It seems the Next Big Thing is wireless. Or is it broadband? From our cellular phones to text-only Agent 007-like devices, the hippest geeks are roaming the Earth completely connected to the Internet. Likewise, home users – spoiled by their Ethernet connections at work – have said “enough is enough” to the straining 56k modem.
Of course, this makes it difficult, if not impossible, to determine a marketing strategy: Are we going broadband or are we going narrowband? It’s the classic case of “you can’t be all things to all people.”
The strategies and the messages are different depending on which audience is your target. Designing web content is a totally different business from one to the other. Try to deliver broadband-style content to a wireless user, and you can kiss that user goodbye. And avoiding the deadly “pissing off the audience” is critical in this short-attention, no-second-chances world.
So let’s take a few moments to review the considerations when determining your Internet communications strategies. What follows is our own version of ethnographics. That is, it’s not based on any real scientific or anthropological research. It’s just how it is, man.
The Broadband Crowd: Masochists With a Cause
If you see who is investing in broadband – Sony, NBC, and so on – you’ll get the distinct impression that this medium is all about entertainment. How else will the movie studios and the TV network execs push their bloated multimedia?
The broadband audience isn’t necessarily of the couch potato tribe. Unlike their remote-control-clicking cousins, broadband users have to negotiate their way through confusing contractual agreements with their local telephone or cable companies. They have to suffer criminally negligent customer service and spotty connections in order to achieve their goal.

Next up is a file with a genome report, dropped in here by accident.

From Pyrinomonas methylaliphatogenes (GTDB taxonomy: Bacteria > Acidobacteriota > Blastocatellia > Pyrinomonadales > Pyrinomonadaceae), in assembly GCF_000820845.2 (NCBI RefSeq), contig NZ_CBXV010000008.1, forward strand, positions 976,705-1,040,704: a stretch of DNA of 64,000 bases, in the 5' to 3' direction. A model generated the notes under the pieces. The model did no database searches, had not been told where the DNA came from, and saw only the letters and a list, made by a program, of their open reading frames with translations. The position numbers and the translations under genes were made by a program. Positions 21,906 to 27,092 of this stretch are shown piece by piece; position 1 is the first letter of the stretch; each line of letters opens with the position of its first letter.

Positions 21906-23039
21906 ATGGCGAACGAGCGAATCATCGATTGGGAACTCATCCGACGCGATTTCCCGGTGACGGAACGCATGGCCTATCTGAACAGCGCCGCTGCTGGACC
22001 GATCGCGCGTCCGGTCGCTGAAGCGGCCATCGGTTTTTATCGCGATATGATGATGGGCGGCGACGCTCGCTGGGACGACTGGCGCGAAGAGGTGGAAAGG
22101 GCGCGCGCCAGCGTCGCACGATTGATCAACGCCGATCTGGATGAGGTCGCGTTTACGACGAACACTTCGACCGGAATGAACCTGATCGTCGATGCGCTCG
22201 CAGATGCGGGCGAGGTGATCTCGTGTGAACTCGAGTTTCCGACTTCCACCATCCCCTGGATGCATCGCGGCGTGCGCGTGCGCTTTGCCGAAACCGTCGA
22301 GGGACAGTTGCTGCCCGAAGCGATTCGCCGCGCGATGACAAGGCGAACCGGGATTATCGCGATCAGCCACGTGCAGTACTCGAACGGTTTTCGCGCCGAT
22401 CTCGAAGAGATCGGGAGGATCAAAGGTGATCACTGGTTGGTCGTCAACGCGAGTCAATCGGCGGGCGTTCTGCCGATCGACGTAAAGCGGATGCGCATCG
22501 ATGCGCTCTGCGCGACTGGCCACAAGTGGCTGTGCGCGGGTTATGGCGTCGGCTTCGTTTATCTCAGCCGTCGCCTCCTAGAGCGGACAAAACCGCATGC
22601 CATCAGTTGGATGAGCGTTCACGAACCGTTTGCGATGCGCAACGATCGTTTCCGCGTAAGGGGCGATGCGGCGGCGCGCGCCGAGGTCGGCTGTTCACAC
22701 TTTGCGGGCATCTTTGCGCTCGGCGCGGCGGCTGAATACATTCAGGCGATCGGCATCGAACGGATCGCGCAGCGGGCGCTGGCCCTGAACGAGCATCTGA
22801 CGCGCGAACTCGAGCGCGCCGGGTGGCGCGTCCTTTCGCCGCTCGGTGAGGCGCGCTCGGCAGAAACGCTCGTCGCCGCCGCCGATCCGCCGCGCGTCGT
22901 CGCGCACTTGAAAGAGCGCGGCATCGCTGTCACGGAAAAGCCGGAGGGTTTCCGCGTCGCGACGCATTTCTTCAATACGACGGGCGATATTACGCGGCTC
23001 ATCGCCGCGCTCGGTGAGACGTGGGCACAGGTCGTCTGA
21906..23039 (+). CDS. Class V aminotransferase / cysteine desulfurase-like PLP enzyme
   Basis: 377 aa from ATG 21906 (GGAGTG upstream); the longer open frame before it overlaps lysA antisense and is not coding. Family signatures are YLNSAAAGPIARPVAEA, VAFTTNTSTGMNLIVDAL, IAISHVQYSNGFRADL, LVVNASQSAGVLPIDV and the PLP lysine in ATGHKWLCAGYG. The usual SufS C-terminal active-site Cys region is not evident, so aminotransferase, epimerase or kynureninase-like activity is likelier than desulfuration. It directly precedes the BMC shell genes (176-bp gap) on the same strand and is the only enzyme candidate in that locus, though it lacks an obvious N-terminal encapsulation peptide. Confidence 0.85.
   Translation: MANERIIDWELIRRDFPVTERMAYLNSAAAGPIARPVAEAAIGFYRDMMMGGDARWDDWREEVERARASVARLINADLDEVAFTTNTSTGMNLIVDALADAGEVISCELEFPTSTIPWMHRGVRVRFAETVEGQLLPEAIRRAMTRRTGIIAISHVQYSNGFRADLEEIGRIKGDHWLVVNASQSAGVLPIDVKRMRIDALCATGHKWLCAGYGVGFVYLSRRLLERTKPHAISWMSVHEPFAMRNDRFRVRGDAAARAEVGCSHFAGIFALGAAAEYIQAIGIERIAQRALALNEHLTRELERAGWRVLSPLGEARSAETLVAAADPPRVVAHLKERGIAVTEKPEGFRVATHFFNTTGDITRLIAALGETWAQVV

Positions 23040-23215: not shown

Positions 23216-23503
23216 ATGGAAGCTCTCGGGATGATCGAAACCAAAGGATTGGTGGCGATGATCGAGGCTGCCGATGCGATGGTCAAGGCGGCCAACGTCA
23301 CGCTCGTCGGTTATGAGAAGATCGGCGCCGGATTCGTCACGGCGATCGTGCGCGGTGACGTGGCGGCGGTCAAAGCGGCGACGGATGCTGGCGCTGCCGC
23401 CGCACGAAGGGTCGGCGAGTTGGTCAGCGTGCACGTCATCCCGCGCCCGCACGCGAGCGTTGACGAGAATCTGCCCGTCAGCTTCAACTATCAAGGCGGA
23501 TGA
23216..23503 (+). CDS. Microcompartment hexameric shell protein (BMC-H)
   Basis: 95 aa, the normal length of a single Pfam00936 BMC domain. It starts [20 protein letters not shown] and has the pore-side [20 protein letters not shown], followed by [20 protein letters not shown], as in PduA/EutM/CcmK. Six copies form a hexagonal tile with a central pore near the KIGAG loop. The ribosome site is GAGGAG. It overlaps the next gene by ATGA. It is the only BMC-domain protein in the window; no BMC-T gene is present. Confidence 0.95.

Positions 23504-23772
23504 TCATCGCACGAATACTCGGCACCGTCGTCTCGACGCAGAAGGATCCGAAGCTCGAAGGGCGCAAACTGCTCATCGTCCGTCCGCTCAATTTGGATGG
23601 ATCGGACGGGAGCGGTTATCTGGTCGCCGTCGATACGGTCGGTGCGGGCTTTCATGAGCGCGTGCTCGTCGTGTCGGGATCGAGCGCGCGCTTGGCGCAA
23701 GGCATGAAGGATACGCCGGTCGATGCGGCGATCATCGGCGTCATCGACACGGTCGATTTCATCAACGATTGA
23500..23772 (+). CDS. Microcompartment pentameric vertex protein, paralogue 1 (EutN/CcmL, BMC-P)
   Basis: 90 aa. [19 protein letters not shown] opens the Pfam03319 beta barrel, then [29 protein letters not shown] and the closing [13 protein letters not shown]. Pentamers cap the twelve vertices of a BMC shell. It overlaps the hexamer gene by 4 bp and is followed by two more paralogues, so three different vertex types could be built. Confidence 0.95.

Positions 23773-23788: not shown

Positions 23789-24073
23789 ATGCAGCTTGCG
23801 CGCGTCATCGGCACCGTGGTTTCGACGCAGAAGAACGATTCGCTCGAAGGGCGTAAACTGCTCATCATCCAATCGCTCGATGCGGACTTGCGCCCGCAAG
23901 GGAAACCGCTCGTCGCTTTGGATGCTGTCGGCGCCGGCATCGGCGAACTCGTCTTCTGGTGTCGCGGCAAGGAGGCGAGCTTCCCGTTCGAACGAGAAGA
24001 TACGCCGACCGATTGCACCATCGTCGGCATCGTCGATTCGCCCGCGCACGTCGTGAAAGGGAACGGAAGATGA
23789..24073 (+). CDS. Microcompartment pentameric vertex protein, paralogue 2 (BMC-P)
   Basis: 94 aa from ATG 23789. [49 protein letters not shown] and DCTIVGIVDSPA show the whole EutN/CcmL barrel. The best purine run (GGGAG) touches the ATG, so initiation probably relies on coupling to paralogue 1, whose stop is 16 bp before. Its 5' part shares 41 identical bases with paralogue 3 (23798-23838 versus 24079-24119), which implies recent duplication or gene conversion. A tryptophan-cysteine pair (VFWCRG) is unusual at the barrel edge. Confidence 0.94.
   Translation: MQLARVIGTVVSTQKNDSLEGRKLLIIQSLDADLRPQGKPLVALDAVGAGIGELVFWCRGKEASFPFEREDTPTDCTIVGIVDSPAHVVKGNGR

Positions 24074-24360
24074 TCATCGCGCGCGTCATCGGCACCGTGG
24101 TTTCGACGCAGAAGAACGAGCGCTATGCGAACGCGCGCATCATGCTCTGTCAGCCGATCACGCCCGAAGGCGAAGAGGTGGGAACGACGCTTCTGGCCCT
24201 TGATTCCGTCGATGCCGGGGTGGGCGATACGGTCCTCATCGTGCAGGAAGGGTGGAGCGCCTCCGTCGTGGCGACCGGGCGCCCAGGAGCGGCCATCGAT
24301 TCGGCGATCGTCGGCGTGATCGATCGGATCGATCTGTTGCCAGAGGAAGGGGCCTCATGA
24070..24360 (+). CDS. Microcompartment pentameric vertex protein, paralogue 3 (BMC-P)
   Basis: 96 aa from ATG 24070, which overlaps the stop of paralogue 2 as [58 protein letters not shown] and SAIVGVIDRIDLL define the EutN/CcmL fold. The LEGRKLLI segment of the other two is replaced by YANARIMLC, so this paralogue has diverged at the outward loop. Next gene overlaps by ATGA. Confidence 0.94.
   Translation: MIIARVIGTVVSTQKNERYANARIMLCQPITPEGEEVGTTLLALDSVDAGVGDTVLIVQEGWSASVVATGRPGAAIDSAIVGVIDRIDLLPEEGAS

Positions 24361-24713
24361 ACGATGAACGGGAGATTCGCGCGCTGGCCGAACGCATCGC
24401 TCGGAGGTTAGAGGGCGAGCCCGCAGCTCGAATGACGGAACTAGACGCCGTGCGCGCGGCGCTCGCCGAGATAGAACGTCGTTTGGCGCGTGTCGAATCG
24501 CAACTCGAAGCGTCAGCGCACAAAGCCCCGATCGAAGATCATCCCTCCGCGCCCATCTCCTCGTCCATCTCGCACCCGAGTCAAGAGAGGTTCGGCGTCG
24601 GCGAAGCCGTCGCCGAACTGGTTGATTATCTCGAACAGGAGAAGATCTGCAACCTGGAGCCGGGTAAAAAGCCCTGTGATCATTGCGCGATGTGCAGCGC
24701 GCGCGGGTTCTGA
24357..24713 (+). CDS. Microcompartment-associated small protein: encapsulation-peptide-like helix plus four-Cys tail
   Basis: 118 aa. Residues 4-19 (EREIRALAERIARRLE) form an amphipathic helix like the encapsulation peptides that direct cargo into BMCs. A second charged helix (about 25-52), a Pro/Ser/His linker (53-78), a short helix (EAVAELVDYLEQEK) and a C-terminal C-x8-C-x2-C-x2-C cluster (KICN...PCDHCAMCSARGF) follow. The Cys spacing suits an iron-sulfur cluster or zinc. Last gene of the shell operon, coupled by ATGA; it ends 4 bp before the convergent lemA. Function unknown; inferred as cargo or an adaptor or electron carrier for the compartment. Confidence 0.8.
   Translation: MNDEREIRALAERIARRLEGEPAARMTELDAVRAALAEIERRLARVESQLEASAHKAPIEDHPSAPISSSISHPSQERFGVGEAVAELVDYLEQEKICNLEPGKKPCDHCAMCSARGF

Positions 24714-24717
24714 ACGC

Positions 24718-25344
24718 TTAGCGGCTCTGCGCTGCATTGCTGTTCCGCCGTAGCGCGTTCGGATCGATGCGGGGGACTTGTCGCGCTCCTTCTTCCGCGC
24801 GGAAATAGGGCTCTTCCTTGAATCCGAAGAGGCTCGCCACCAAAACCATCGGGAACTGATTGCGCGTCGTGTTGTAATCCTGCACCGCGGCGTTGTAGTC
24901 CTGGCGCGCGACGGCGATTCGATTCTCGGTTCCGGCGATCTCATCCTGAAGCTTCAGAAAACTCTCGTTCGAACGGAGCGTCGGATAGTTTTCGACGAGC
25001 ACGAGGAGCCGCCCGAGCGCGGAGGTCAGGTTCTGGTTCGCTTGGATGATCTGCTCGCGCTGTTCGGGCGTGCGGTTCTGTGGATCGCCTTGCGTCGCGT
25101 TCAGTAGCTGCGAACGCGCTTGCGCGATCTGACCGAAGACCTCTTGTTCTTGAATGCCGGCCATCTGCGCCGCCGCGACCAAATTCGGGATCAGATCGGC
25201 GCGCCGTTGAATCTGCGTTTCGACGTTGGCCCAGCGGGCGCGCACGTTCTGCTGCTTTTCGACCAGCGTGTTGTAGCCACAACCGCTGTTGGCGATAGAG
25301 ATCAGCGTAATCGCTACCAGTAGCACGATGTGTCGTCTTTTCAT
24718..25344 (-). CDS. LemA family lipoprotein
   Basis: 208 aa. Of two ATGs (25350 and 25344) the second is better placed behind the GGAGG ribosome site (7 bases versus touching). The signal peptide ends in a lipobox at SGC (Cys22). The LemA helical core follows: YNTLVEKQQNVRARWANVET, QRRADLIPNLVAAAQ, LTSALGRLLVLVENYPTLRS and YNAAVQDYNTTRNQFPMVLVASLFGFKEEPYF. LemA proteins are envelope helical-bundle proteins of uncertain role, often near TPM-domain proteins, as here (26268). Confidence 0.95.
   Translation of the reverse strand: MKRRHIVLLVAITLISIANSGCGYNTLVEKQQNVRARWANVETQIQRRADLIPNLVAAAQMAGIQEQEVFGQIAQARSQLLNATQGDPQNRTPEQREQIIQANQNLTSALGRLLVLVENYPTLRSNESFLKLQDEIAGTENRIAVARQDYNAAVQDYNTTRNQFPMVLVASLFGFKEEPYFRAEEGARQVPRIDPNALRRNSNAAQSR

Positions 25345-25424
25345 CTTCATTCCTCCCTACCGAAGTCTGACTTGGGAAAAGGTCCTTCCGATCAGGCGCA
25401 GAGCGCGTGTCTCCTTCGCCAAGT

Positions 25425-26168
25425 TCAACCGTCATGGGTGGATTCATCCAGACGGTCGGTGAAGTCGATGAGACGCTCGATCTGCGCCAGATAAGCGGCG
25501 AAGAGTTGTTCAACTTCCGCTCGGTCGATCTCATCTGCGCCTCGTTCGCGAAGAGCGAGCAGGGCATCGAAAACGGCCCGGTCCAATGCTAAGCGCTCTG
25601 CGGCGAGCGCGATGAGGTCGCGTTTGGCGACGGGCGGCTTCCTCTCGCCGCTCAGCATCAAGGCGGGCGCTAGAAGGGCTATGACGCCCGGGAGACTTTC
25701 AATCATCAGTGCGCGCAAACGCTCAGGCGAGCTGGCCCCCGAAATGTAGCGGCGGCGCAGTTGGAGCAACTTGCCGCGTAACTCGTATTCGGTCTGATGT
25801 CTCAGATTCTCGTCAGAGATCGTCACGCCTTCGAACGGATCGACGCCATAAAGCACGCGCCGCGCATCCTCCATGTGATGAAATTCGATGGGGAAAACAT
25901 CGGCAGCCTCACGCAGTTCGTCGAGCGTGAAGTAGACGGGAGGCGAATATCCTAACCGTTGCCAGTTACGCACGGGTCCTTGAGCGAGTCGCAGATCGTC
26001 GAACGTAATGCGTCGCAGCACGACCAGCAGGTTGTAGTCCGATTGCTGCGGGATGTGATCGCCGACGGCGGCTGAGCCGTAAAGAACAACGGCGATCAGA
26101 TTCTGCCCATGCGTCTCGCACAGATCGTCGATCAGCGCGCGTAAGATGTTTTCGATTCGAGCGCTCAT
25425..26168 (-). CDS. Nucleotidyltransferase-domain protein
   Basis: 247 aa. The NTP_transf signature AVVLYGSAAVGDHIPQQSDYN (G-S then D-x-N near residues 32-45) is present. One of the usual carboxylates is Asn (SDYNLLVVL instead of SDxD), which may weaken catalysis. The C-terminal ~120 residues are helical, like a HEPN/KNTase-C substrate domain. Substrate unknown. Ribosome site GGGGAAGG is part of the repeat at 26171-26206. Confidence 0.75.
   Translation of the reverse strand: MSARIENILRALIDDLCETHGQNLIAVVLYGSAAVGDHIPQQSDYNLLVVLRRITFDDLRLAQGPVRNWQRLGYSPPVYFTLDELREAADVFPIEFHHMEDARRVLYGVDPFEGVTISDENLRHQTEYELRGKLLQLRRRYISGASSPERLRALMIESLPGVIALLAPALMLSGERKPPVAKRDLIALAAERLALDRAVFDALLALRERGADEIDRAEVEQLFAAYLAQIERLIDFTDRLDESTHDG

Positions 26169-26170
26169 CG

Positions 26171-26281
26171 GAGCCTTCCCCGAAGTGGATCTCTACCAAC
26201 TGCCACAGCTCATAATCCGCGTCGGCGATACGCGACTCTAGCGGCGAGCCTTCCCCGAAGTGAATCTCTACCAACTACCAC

The always on model of broadband does create a culture of using the Internet for everything from playing along with ABC’s Who Wants to be a Millionaire? to clogging the neighborhood’s cable systems with MP3s. In other words, these guys have all the time in the world.
If you’re marketing anything even remotely of entertainment value – travel, food, music, books – then this is the crowd you want. Also, if you’re in education and have some nifty animations, this audience may be interested. A word of warning, though: The education stuff has to be entertaining. Otherwise, you’ll lose them.
After all the suffering that broadband users had to endure, they want to have some fun with it, dammit!
The Wireless Gang: Fork Over the Data and Nobody Gets Hurt
Wireless users are, by default, on the go. They’re high-strung, and they’re focused on the bottom line. No fluff. Just get to the point, please. They check their stock quotes, get directions to the closest restaurant, and look up the weather forecast in the city where they’re flying.
For this group, the Internet is a tool that helps them manage their lives. The wireless devices aren’t just gadgets and toys; they’re utilities. It’s not supposed to be fun; it’s supposed to be useful.
Unlike their slovenly broadband counterparts who dreamily surf the web at all hours of the day and night, these guys want their information in short chunks with no extraneous hyperbole.
Marketers who have something important to say and can say it in 10 words or fewer have an audience here. But be warned: Hesitate or stumble or waste even a minute of their time and you risk the wrath of these caffeinated overachievers.
Many of you are probably working on your fiscal-year marketing budgets. You’ve battled with your web site managers and other execs about where your Internet strategies are taking the company.
Before you go another day of arm wrestling over Internet communications strategies, consider this: It’s not what the company wants to say, or how it wants to say it. It’s what your target audience wants to know, and how and when they want to know it.